New imaging systems can ensure the preservation of original blot images from alteration. These features will help scientists instill confidence in their data and protect against claims of data manipulation. Furthermore, such features can help pharma and biotech researchers more readily meet the FDA's regulations for current Good Manufacturing Practice environments and comply with rules for secure handling of electronic records.

Some imaging software enables users to protect their data files, prevent deletion of files and limit where data can be saved. In the Image Lab Software, for example, this is made possible through several options, including access controls and authority checks via user identification codes, electronic record security via protected directories, and date and time-stamped audit trails. 

Advanced data analysis features that can deliver trustworthy results

JBC guidelines prefer “normalization of signal intensity to total protein loading” over the use of housekeeping proteins. This normalization technique, called total protein normalization (TPN), relies on the entire complement of proteins in a lane rather than on individual housekeeping proteins, which have now been shown to demonstrate some variability in expression. In TPN, the band of interest is compared to the abundance of total protein in each lane (based on a stain such as Ponceau S), and the ratio of band intensity to total protein is obtained.

Novel image analysis software can automatically detect protein lanes and bands in the gel, enabling users to carry out the TPN technique for western blot normalization, with minimal human error. Furthermore, the latest software versions are compatible with Stain-Free technology for TPN, which eliminates the use of additional staining reagents and steps to visualize proteins, while also providing higher sensitivity than anionic stains.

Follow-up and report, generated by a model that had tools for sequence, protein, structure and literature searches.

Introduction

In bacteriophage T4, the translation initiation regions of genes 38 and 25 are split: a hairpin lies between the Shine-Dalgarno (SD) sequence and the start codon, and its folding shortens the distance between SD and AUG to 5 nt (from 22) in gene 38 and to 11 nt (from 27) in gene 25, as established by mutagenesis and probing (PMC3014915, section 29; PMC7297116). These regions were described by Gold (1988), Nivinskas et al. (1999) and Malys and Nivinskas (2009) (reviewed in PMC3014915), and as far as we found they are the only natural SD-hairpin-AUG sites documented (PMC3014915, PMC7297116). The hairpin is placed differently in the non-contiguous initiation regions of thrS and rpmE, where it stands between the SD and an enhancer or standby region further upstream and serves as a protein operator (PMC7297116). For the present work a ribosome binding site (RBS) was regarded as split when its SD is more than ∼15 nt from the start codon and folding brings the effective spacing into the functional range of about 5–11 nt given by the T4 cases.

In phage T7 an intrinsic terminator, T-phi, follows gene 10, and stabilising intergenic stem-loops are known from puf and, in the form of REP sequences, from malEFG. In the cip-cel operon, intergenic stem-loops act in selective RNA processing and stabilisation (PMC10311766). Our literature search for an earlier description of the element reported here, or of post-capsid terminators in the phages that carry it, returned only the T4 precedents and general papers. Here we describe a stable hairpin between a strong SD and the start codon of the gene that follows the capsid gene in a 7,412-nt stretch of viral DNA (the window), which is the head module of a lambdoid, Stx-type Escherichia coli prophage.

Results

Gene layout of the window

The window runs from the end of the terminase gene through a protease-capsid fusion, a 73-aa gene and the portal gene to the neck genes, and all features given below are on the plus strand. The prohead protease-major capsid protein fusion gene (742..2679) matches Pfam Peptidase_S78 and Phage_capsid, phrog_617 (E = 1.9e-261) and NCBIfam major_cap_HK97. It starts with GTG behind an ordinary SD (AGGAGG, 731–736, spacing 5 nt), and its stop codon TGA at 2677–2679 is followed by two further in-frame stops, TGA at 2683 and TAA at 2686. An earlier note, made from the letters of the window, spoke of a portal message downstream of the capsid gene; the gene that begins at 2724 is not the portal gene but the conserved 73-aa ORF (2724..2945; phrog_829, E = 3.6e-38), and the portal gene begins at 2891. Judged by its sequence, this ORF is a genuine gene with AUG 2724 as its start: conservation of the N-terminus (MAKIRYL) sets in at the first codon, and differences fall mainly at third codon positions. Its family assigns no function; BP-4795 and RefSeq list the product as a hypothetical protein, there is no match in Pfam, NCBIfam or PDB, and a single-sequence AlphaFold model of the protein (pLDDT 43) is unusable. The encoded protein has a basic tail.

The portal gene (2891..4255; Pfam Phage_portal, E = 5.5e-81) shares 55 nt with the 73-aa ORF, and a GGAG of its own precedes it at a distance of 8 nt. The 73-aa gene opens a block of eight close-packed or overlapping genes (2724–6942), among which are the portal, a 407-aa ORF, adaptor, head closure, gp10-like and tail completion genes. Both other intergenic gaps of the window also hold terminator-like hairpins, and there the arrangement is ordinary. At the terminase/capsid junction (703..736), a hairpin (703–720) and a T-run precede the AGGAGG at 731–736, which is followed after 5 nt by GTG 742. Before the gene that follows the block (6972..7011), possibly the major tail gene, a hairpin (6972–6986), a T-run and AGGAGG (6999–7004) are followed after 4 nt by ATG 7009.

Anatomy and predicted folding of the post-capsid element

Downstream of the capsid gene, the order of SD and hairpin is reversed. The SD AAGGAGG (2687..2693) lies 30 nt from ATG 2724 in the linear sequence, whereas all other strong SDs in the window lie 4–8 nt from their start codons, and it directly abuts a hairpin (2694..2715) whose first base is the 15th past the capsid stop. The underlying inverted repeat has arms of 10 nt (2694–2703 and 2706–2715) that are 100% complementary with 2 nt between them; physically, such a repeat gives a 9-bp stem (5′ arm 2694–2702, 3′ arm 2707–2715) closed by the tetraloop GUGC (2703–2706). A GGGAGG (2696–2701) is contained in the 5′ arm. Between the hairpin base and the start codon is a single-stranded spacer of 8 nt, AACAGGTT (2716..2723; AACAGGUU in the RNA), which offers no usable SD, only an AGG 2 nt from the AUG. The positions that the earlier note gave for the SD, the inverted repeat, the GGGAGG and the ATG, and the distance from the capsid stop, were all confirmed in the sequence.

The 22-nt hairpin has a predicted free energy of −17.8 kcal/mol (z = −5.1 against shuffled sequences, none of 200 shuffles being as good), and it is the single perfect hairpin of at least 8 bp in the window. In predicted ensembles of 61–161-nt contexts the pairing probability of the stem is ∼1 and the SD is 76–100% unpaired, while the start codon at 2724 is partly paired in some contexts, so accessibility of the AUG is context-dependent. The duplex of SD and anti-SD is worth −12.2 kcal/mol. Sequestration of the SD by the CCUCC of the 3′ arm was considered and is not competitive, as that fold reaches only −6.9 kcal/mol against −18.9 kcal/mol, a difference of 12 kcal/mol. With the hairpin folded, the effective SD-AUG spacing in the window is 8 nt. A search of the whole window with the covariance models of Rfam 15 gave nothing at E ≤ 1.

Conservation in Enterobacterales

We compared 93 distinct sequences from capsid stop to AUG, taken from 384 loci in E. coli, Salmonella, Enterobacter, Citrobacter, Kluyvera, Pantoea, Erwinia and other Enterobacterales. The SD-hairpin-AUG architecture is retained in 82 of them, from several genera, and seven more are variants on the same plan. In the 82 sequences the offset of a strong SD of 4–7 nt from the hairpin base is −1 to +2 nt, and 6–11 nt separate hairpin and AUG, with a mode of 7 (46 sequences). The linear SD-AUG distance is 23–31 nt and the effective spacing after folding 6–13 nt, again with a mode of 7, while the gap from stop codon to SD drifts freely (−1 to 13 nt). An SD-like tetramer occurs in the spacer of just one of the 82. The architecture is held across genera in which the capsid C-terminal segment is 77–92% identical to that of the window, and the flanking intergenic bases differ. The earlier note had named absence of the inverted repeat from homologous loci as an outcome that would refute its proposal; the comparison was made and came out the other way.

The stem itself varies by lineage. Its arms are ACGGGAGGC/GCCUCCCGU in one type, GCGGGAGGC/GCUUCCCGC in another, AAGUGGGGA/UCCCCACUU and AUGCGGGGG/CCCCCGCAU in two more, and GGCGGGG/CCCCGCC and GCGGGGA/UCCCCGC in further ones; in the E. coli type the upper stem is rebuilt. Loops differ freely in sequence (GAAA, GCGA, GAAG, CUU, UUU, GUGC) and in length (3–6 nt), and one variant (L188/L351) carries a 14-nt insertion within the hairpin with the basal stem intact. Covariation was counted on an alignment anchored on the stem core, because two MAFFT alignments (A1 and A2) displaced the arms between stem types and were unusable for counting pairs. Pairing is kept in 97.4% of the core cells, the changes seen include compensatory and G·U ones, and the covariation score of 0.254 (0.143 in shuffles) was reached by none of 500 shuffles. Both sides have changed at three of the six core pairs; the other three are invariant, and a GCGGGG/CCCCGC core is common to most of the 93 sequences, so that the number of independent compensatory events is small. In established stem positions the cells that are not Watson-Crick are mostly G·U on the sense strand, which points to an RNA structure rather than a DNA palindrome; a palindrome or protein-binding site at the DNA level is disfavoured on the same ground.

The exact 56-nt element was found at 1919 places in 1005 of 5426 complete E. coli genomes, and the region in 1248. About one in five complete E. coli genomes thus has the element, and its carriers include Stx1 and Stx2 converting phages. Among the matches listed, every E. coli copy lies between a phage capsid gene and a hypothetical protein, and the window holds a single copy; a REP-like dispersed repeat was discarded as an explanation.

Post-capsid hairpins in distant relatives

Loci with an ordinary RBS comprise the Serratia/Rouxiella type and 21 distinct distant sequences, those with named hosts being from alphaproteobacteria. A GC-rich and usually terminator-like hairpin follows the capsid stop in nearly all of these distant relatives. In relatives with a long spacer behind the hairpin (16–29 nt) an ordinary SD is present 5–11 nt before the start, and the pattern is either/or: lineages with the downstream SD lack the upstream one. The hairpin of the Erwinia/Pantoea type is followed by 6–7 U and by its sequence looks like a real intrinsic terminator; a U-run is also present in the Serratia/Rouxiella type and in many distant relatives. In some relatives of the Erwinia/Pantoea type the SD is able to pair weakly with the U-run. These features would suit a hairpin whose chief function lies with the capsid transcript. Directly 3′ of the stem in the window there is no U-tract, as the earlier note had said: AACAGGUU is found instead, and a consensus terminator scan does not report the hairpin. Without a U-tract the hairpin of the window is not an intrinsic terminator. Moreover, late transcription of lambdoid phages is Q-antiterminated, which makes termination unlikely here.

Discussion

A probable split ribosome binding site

Automated capabilities that make the entire western blot workflow more efficient and reproducible have been integrated into dedicated imaging solutions. Automation of steps like background subtraction can aid in removing human error from the analysis process. For instance, digital imagers with advanced software are now able to automatically conduct localized (rolling-disc) background subtraction around each band, instead of using a single background value common to all lanes. This capability does not require any user intervention, thus removing human error from the analysis process. In some software, it is even possible to preview the image before acquisition, allowing the user to highlight a region of interest that needs to be acquired with the clearest signal.

The right image analysis software can play a big role in resolving reproducibility problems and providing researchers a largely automated and hands-off approach to data analysis. With versatile analytical functions, dependable preservation of original data, and access to pre-programmed protocols that eliminate the need for specialized knowledge on optics, researchers can have greater confidence in the quantitation of their western blot images.